“What do you think, Naomi? Look what Marek found in his brother’s room,” he said it almost daringly.
She looked down at the magazine and took in the images of naked women with big breasts and hair between their legs. She pretended to look surprised, but she’d seen magazines like this before. She’d found some hidden in the basement one night when Mandy was over for a sleepover. How they’d pored over the images, looking at the women’s bodies, wondering if their bodies would one day look like this. When looking at them with Mandy, she’d felt safe, curious, even excited. But today, she felt worried. She realized that Jared, Derek and Marek were looking at her, like they were looking at these pictures. And it didn’t make her feel safe, curious or excited. She suddenly understood why her mother had told her not to go to the woods alone.
She started looking around, thinking about how she could leave without too much fuss, when Marek brought out a rope they’d used last week to make swings from the tree.
“Come here, Naomi, I want you to help me with something,” he said.
She stood up. “What?” she asked, trying to sound confident, not afraid, even though every cell in her body was terrified.
“Come on, Naomi,” Derek said, “It’s not like we’re going to tie you to the tree and rape you”.
They all started laughing and she joined in, wondering what rape was. She had no idea, but had a strong feeling that it wasn’t good and she didn’t want to wait around to find out what it was.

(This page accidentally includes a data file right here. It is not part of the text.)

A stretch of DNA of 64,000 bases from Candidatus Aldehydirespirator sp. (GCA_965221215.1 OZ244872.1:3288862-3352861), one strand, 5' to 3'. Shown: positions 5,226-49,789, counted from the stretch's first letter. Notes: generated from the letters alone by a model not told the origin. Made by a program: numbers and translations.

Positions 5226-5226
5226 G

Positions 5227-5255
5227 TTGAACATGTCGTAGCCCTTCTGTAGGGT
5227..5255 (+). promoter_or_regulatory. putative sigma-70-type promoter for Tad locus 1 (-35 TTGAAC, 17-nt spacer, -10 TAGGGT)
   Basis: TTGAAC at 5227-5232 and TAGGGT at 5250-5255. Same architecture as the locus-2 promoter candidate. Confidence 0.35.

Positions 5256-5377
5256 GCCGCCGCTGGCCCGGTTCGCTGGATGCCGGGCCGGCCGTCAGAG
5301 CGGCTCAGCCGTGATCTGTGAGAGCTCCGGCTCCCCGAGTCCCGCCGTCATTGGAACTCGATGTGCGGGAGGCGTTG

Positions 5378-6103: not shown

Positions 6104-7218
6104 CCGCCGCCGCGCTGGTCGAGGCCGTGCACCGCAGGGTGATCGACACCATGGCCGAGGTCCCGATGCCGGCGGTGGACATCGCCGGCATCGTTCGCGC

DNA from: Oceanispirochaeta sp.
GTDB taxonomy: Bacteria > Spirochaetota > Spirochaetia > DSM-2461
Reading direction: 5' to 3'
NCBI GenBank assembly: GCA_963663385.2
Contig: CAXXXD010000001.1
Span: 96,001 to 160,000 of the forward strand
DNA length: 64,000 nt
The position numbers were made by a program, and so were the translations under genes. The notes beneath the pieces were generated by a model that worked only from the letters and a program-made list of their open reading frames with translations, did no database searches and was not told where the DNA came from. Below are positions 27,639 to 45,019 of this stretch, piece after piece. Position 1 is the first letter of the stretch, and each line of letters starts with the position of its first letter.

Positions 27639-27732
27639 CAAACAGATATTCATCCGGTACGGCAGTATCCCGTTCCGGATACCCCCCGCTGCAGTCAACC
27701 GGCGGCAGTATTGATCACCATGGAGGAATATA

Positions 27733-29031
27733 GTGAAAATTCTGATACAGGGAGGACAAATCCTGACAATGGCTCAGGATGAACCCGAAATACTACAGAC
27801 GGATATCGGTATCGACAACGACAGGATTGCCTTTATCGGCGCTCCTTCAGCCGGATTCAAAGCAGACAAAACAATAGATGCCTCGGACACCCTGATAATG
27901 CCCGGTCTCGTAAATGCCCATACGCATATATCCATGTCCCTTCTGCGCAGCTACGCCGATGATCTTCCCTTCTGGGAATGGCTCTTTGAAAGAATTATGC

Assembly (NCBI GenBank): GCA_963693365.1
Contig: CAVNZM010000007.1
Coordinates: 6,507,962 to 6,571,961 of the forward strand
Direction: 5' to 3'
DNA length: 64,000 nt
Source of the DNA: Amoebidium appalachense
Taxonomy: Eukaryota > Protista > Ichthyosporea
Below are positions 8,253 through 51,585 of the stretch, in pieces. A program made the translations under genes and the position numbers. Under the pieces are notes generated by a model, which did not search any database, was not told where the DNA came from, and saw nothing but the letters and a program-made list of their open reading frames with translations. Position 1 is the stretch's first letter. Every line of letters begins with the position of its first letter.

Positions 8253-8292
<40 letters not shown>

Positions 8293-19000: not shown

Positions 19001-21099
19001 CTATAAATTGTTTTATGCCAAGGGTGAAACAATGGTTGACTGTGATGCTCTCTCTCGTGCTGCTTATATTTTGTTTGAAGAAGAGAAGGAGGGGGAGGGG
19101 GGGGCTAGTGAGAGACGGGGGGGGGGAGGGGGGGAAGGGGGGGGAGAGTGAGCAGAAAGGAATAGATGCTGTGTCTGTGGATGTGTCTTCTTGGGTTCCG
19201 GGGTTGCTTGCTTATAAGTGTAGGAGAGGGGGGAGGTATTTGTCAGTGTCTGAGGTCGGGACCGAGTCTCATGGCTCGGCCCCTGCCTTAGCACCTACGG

Adrenaline surged through her body; she started to sweat and ran along the path towards her bike. They quickly followed, and Derek cut to another path. Jared grabbed at her arm, trying to hold her back, but she shook him loose and kept running. Marek just laughed as he followed along. “Stop it, Naomi, we’re not going to hurt you. Come back” On she ran. In moments, she saw the edge of the forest, the road, she was so close. Then Derek appeared in front of her, with a massive board that he lifted out of the bushes and blocked the exit to the street. Tears blinding her, she headed left, through the thick brambles, she knew she could get out of the forest in another 20-30 feet, if only she could get through the brambles before they got to her. The thorns scraped and gouged her legs, but she felt nothing, only her heart pounding and the distance to her freedom getting smaller and smaller. Two feet from where the forest met the townhouse lawn, Jared pushed her and she fell, face forwards. He grabbed her bloody leg and tried to pull her back into the forest, but she screamed and kicked him square in the face.
“You bitch, you broke my nose, you’re gonna pay for that” he yelled as he let go of her leg and caught the blood pouring from his face. Retrieving her leg, she dove out of the path and onto the grass. Cars sped past on the road and people sat in their gardens. The day was normal for them. Did they not see what was happening?
Naomi looked around in terror, where was her bike?
“Hey Naomi, how about we lift your bike up into the tree?” Derek and Marek had thrown one edge of the rope around a high tree branch, and were in the process of tying up her bike to the other.